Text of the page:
Oslo Science City
The innovation district Oslo Science City released a new feasibility study. The ambition is to develop a world-leading innovation district in the Norwegian capital.
Oslo Science City is the first innovation district in Norway. The members are the University of Oslo, Oslo University Hospital, South-Eastern Norway Regional Health Authority (Helse Sør-Øst RHF), Sintef, NGI, Ferd, Studentsamskipnaden i Oslo, Oslo Pensjonsforsikring, the City of Oslo, and Oslo Cancer Cluster.
The district mobilises 7 500 researchers, 30 000 students, and 300 start-ups in developing ecosystems for innovation and green transformation, bringing together educational institutions, researchers, the business community, and the public sector.
Launched at City Hall
On Tuesday 30 November, the innovation district published its new feasibility study during a reception in the Oslo City Hall, with H.R.H. the Crown Prince of Norway, the Minister of Climate and Environment, the City Council Leader, and 600 guests present.
“The study presents the possibilities we have in front of us. We must grasp them! If we do so in a good way, it will strengthen Oslo’s international position as a knowledge capital. There is a big potential in developing new knowledge, new solutions, and sustainable jobs,” said City Council Leader Raymond Johansen in a press release by Oslo Science City.
Oslo Cancer Cluster is a member of Oslo Science City, with the area surrounding our Innovation Park and the Radium Hospital as one of six geographical focus areas in the innovation district.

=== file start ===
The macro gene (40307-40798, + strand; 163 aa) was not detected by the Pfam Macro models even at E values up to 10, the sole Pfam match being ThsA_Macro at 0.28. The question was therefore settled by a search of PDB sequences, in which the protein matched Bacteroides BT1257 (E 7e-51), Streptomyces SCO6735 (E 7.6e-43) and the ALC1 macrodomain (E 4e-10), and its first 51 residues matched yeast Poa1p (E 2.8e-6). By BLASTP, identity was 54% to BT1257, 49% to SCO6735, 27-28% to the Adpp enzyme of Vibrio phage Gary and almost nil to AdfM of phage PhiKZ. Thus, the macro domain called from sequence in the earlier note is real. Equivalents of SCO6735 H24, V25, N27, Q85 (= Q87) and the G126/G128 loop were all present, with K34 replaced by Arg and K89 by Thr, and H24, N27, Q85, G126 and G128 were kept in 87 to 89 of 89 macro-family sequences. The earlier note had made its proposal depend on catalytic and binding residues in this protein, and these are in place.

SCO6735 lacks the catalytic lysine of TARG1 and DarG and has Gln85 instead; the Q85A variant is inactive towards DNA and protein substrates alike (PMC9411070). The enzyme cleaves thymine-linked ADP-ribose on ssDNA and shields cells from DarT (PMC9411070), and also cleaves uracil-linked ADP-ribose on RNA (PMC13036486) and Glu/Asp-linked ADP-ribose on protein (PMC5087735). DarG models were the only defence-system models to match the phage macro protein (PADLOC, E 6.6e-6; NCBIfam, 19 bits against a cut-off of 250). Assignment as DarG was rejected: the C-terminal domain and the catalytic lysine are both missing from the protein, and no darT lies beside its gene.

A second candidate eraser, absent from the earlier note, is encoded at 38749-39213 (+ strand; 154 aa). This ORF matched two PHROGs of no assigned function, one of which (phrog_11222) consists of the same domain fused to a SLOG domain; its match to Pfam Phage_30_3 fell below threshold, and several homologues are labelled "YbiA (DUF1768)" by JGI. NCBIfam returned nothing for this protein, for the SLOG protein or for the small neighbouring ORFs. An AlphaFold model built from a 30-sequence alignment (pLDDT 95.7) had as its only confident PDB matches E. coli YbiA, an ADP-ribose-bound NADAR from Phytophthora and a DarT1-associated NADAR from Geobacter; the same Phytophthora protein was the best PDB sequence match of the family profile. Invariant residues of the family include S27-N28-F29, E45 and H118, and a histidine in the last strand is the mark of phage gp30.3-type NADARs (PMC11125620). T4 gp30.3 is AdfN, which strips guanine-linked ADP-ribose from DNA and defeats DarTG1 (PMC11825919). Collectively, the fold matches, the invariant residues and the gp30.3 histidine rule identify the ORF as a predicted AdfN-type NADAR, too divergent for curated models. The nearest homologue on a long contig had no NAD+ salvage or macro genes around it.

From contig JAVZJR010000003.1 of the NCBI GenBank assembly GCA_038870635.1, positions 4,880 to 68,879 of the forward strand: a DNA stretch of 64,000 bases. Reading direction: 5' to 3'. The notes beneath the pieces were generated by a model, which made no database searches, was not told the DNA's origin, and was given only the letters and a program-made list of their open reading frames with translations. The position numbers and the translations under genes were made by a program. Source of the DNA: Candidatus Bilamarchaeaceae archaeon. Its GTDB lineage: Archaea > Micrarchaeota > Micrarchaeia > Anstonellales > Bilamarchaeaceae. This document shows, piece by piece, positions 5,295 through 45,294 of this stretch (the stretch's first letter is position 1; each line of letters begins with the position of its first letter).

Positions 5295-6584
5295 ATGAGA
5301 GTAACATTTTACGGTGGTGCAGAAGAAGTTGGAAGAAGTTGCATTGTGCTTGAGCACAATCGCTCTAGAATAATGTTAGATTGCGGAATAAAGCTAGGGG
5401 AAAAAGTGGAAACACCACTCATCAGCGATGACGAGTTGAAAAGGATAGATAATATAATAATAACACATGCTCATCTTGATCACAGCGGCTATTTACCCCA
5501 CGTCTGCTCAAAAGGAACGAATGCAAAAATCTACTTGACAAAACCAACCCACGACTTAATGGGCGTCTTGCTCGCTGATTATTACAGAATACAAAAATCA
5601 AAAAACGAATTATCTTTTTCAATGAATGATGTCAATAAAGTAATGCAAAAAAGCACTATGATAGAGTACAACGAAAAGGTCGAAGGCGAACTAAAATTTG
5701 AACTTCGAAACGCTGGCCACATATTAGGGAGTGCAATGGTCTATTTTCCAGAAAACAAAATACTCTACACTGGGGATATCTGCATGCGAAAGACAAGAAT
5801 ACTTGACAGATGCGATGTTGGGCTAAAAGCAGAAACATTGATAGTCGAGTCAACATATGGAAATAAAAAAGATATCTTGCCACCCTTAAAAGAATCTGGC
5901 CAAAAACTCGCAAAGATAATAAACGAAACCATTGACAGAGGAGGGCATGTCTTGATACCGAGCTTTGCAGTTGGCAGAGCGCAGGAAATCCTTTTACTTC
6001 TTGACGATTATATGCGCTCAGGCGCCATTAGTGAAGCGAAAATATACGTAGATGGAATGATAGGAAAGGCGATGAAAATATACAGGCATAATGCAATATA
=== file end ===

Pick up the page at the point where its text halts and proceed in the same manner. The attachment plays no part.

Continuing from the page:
About the feasibility study
Oslo Science City’s members are to develop the area from Majorstuen via Marienlyst and Blindern to Gaustad and Ullevål stadion, and also the Radium Hospital, to become a world leading innovation district contributing to a sustainable and modern Norway.
The study is made by A-LAB, Bjarke Ingels Group (BIG), Civitas, Comte Bureau and Menon Economics. For the time being, it is available in Norwegian only.
You can download the feasibility study from the Oslo Science City webpage.
DIGI-B-CUBE aims to unlock the cross-sectoral collaborative potential of small and medium-sized companies.
As a project funded under the European Union´s Horizon 2020 Programme, it aims to unlock this potential by combining novel digital technologies with bioimaging, biosensing, and biobanking.
DIGI-B-CUBE was established with Oslo Cancer Cluster as the project coordinator in 2019. The project supports the development and delivery of new market-sensitive disruptive technologies and key digital innovations to reconfigure patient-centered diagnostics towards a Health Economy 4.0.
Read more on the DIGI-B-CUBE webpage.
Meeting in Oslo
Last week, a consortium consisting of eight partners met at the Oslo Cancer Cluster Innovation Park, both in person and virtually. Milena Stoyanova and Gerry Renders were present from the Executive Agency (EISMEA) established by the European Commission. They highlighted the importance of supporting and empowering small and medium-sized companies (SMEs) in their innovation activities.
DIGI-B-CUBE has funded a total of 55 projects, resulting in 2,5 MEUR provided directly to companies to boost the development of disruptive tech solutions and health tech innovations across Europe. One of these projects is CEREBRI.
“We develop easy-to-use and scientifically proven technology to help people predict and prevent brain disorders,” said Cathrine Heuch, CEO of Nordic Brain Tech.
She explained that 14.7% of the population is affected by migraine, the most common neurological disorder costing the European economy €50 billion annually. Migraine results in reduced quality of life and limited daily performance in work and social life.